Russian President Vladimir Putin has garnered a reputation for his macho pursuits, inevitably captured on film and transmitted to a doting public.
This latest stunt saw Putin take a ride to the bottom of the sea in order to visit the wreck of an ancient ship which sunk off the coast of the Crimean peninsula, writes Nataliya Vasilyeva for the Associated Press. Russia annexed Crimea last year, setting off a chain of events that have led to serious changes in the geopolitical landscape.
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Submersible stunt latest adventure for Putin
On Tuesday, Putin boarded a submersible craft and descended deep under the surface of the Black Sea. The wreck of the Byzantine trading ship lies 83 meters under water, and is thought to date from the 9th or 10th century.
Underwater trips seem to be a favorite of Putin’s, and he has previously explored the Gulf of Finland and Lake Baikal, the world’s deepest lake. He also went scuba diving in the Kerch Strait, which connects the Black Sea to the Sea of Azov, and returned to the surface with pieces of ancient Greek pottery.
A spokesman later said that the fragments of ancient jugs, also known as amphorae, had been deliberated left in the area before Putin descended.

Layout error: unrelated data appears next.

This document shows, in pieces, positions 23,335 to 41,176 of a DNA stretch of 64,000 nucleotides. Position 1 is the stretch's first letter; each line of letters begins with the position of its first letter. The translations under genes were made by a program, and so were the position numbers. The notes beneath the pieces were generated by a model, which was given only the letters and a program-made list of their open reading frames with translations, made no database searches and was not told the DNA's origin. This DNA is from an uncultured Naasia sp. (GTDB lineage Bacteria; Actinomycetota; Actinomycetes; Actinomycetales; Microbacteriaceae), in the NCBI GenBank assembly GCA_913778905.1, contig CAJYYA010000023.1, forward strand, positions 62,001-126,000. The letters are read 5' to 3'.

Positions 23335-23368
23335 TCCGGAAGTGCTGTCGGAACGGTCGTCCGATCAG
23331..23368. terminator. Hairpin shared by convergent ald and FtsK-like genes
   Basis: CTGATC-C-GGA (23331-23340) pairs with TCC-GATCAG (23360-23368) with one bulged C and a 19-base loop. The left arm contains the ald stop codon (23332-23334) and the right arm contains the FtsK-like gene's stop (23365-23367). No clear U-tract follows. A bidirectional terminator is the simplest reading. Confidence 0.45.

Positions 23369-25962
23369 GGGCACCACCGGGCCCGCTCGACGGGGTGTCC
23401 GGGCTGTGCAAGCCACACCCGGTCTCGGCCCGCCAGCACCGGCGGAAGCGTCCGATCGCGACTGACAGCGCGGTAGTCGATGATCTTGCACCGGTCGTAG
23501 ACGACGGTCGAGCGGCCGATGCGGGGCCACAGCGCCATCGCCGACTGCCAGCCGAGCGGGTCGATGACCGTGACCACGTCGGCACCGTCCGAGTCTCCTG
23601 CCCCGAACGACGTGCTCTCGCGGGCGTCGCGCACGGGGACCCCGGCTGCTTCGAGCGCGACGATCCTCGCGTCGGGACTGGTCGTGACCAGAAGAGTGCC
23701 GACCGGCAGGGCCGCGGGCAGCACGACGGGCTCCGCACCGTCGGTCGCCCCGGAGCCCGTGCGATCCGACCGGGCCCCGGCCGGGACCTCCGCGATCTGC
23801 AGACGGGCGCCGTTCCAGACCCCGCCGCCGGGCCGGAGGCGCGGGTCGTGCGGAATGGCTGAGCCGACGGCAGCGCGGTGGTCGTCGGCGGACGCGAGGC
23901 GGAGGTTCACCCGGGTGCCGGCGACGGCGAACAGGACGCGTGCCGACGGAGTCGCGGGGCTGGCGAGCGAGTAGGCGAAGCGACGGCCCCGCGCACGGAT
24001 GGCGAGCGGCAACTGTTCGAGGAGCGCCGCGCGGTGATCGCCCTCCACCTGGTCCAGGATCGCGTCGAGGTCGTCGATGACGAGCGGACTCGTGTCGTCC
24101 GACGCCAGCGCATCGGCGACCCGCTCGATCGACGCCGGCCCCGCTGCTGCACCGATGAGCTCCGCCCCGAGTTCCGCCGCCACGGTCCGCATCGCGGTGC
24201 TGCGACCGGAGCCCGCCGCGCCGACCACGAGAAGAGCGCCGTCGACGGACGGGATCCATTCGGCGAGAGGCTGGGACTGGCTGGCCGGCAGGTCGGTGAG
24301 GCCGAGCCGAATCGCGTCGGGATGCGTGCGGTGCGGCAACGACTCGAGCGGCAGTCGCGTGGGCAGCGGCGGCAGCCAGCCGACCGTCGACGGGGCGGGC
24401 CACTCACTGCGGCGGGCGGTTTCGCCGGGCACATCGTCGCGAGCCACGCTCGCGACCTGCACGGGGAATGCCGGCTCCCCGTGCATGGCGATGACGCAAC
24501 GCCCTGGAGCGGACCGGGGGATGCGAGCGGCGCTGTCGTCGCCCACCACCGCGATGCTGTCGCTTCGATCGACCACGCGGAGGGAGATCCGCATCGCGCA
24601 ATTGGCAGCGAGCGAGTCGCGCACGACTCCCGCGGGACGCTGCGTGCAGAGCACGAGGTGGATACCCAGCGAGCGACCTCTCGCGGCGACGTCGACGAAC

Putin and officials travel to Crimea
Putin spoke with his Prime Minister Dmitry Medvedev via radio as he visited the shipwreck, and told him that the ship could improve knowledge of Russia’s development and show “how deep our historical roots are.”
Putin could later be heard telling Medvedev that he was missing out on the trip. “It’s great, there are lots of objects, amphorae scattered around,” Putin said, before signing off with “Big hug!”
Once he returned to the surface, Medvedev and Putin shared a hug, which also involved the chief of staff and the defense minister. Both officials were part of a large party that traveled to Crimea with Putin.
One reporter dared to ask whether the expensive trip was justifiable given the ongoing economic struggles in Russia, to which Putin replied that his dive should attract donations to the Russian Geographical Society, which is studying “how our state was built, including in this region.”